# Rationale # So, why the Nook HD+? While I have alrealy ported Genode to the Samsung Galaxy Nexus phone for the FOSDEM 2013 demo session, I decided to give another device a try for the following reasons: * As a tablet, it has much less hardware (at least, no phone) to support in order to be a daily driver * Some peripherals and hardware setup varies between it and the Nexus, so it may help exposing new bugs or hardcodery * It has the microSD slot connected to OMAP4 mmc0 with standard voltage setup (the VMODE bit). This is extremely useful because it allows to directly use the Genode MMC driver and it is easy to setup a MBR/VFAT filesystem on the microSD. Galaxy Nexus, on the contrary, has no external memory card slot, and to access the internal memory, it is necessary to implement a small change in the MMC driver and implement the EFI GPT partition parser * It has a Full HD display, and I have passion for hi-res screens. Besides, hi-res is a way to stress-test memory subsystem and framebuffer performance * Because I can # U-boot # Booting custom software on a commercial device is usually connected with some obstacles, like breaking the chain of trust. A typical approach (which I have utilized for many devices, including Acer Iconia A500, Samsung Galaxy S2 and Samsung Galaxy Nexus) is porting the u-boot bootloader to be an intermediate chainloader, flashed instead of the linux kernel. The B&N Nook HD+ does feature the signed kernel-based chain of trust for the internal EMMC memory, but it allows booting unsigned MLO, xloader and u-boot from the external microSD card. That is to say, there already exists the u-boot port, but to make it boot Genode, numerous changes were needed. First, I've obtained the android cwm recovery image for the sd card from the B&N Nook HD+ forum on xda-developers.com [credits go to the forum members verygreen and fat-tire]. After writing the image to the SD card and fixing partition layout in fdisk, I ended up with a VFAT partition containing the MLO, u-boot.bin and uImage. The MLO is the header file for the omap4 CPU which combines the memory initialization table with the x-loader bootloader. The u-boot.bin is the almost vanilla B&N u-boot which initializes the display and boots the uImage [which in the case of sd booting is also u-boot]. We'll be replacing the uImage with the customized u-boot. You can obtain the source code for my u-boot from https://github.com/astarasikov/uboot-bn-nook-hd-fastboot and below is the list of problems I've solved: * Removing the [unneeded for us] emmc and sd boot options. * Enabling fastboot. The bootloader listens on usb for the fastboot connection. "fastboot continue" allows to boot the "kernel" and "ramdisk" files from the sd card * Fixed display initialization. Turns out, the code in the uImage was broken, and did not reinit the display properly. The reasons were that it lacked one power GPIO (which would cause it to never come up after reset on some hardware revisions, my tablet being one of the unlucky ones), and the typo in one of the frame sync borders (which caused all font symbols to be one pixel tall). The display initialization code was scattered around 4 files, contained hardcoded definitions for another board. The framebuffer initialization was done in the MMC driver (sic!). * Fixed booting "ANDROID!" boot images over fastboot with the "booti" command. The code contained many incorrect assumptions about the image layout. * Moved the u-boot base in RAM and increased the fastboot buffer to allow downloading huge images (up to 496M). This allows me to boot Genode images with the built-in ramdisk with the root file system while I've not completed the GPT support * Enabled the framebuffer console for debugging # Genode # I had to do some changes to make Genode run. I'll briefly discuss some notable items. ## Fiasco.OC cross-compiling ## Recently, Genode crew have updated to the latest revision of the Fiasco.OC microkernel and it seems to contain some hardcoded cross-compiler name for ARM. I was reluctant to either fix it or download the 'proper' compiler (especially knowing that the one from the Genode toolchain does work for omap4). So, here is what I've done: * Made a new directory and added it to the PATH variable (append "export PATH=/path/to/that/very/dir/:$PATH" to your .bashrc if you have no slightest idea what I'm talking about) * Made symbolic links for the fake "arm-linux" toolchain pointing to genode with "for i in `ls /usr/local/genode-gcc/bin/genode-arm*`;do ln -s $i ${i//*genode-arm/arm-linux} ;done" ## Increasing nitpicker memory quota. ## Currently nitpicker [window manager providing virtual framebuffers] is hardcoded for some 1024x768 screens (I believe because no one, even at genode, seriously considers using Genode as a daily driver today), so we need to fix the memory limit constant in the following way:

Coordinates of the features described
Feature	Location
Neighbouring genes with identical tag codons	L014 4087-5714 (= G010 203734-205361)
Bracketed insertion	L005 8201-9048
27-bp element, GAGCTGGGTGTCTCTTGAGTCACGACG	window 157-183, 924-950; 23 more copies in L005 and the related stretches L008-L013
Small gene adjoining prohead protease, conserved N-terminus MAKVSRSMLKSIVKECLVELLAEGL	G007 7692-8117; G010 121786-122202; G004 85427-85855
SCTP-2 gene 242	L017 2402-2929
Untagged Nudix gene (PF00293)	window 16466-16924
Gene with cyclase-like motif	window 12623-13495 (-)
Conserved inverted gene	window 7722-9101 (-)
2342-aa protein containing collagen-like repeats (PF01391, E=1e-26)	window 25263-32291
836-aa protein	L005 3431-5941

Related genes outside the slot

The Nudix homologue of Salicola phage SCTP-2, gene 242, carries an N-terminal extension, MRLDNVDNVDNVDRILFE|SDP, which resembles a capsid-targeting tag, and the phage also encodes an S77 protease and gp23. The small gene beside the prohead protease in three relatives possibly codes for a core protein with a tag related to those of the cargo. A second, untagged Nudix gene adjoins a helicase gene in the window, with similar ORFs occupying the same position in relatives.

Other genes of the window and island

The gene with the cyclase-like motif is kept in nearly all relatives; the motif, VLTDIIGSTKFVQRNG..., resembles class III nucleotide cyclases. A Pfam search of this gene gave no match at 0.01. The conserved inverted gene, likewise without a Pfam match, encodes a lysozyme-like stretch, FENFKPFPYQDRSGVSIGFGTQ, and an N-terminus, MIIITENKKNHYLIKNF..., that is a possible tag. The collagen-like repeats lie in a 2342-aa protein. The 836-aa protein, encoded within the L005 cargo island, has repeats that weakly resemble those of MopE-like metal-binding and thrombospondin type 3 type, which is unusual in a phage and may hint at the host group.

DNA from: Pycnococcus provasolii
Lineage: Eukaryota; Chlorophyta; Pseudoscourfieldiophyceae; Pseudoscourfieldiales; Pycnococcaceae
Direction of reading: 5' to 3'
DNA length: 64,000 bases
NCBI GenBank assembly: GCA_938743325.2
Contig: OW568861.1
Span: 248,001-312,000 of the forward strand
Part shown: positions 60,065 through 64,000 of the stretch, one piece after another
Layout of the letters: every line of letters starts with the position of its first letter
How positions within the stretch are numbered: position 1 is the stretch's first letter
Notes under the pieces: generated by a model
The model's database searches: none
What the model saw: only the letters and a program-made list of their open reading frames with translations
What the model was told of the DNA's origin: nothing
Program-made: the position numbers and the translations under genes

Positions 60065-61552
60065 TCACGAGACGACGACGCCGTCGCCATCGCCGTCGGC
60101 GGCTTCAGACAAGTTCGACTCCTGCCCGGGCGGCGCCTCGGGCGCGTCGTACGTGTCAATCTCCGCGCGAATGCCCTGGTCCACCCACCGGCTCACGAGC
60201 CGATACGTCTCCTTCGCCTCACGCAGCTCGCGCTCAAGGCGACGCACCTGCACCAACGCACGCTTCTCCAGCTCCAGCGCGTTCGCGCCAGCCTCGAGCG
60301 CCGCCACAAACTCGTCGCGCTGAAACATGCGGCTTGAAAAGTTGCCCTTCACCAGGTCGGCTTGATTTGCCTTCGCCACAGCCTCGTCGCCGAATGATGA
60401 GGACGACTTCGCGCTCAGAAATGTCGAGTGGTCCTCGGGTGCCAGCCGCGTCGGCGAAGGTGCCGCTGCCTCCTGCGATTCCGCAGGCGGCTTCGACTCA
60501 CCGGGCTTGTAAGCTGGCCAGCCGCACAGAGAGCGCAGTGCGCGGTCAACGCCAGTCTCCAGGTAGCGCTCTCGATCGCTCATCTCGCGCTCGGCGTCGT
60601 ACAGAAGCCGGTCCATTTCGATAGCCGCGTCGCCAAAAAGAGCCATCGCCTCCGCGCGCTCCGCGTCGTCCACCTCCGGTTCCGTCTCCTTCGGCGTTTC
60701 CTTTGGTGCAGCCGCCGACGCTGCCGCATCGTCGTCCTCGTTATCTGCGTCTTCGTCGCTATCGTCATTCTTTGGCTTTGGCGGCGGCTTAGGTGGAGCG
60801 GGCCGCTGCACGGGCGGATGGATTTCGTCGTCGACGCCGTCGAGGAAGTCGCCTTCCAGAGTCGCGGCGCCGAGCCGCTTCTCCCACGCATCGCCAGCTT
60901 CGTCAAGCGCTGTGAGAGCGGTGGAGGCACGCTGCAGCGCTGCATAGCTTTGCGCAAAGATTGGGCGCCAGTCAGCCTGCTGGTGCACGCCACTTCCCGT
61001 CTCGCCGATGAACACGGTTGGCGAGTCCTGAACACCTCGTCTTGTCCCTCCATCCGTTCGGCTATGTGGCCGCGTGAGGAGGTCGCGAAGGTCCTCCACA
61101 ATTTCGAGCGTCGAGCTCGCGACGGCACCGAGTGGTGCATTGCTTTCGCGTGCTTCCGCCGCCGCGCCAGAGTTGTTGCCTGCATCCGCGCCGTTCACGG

-- a/os/include/nitpicker_session/connection.h
++ b/os/include/nitpicker_session/connection.h
@@ -43,8 +43,8 @@ namespace Nitpicker {
                                char argbuf[ARGBUF_SIZE];
                                argbuf[0] = 0;

## Adding LCD support to omap4 framebuffer ## Currently, omap4 framebuffer only supports the TV interface for HDMI. To make it reset and configure the LCD interface (which is used in smartphones and tablets), we need to add some register definitions [and fix the incorrect definition of the base address register while we're at it] to the code according to the omap4 DSS subsystem manual.
diff --git a/os/src/drivers/framebuffer/omap4/dispc.h b/os/src/drivers/framebuffer/omap4/dispc.h
index 23f80df..ea9f602 100644
-- a/os/src/drivers/framebuffer/omap4/dispc.h
++ b/os/src/drivers/framebuffer/omap4/dispc.h
@@ -18,8 +18,14 @@ struct Dispc : Genode::Mmio
        struct Control1 : Register<0x40, 32>

                struct Tv_enable : Bitfield<1, 1> { };

                struct Go_tv : Bitfield<6, 1>
                        enum { HW_UPDATE_DONE    = 0x0,   /* set by HW after updating */
@@ -46,11 +52,17 @@ struct Dispc : Genode::Mmio
                struct Width  : Bitfield<0, 11>  { };
                struct Height : Bitfield<16, 11> { };

         * Configures base address of the graphics buffer

         * Configures the size of the graphics window
diff --git a/os/src/drivers/framebuffer/omap4/driver.h b/os/src/drivers/framebuffer/omap4/driver.h
index d754a97..53517a3 100644

@@ -203,6 +203,7 @@ bool Framebuffer::Driver::init(Framebuffer::Driver::Mode   mode,

        _dispc.write<Dispc::Gfx_size::Sizex>(width(mode) - 1);

## Hacking in Nook HD+ display support. ## I wanted to make the display work in a quick and dirty way, so I've commented out the HDMI init code and replaced with a simple code that reconfigured the framebuffer address for the LCD (we piggyback on the u-boot to initialize the screen). Remember, kids, never ever think of doing this in production. I am deeply ashamed of havind done that. Either way, I'll show you the code, and the framebuffer driver badly wants some changes: * Adding proper LCD initailization * Configurable resolution via the config * Support for DSI/DPI interface initialization and custom panel drivers * Rotation and HW blitting * Ok, enough talk, here's the patch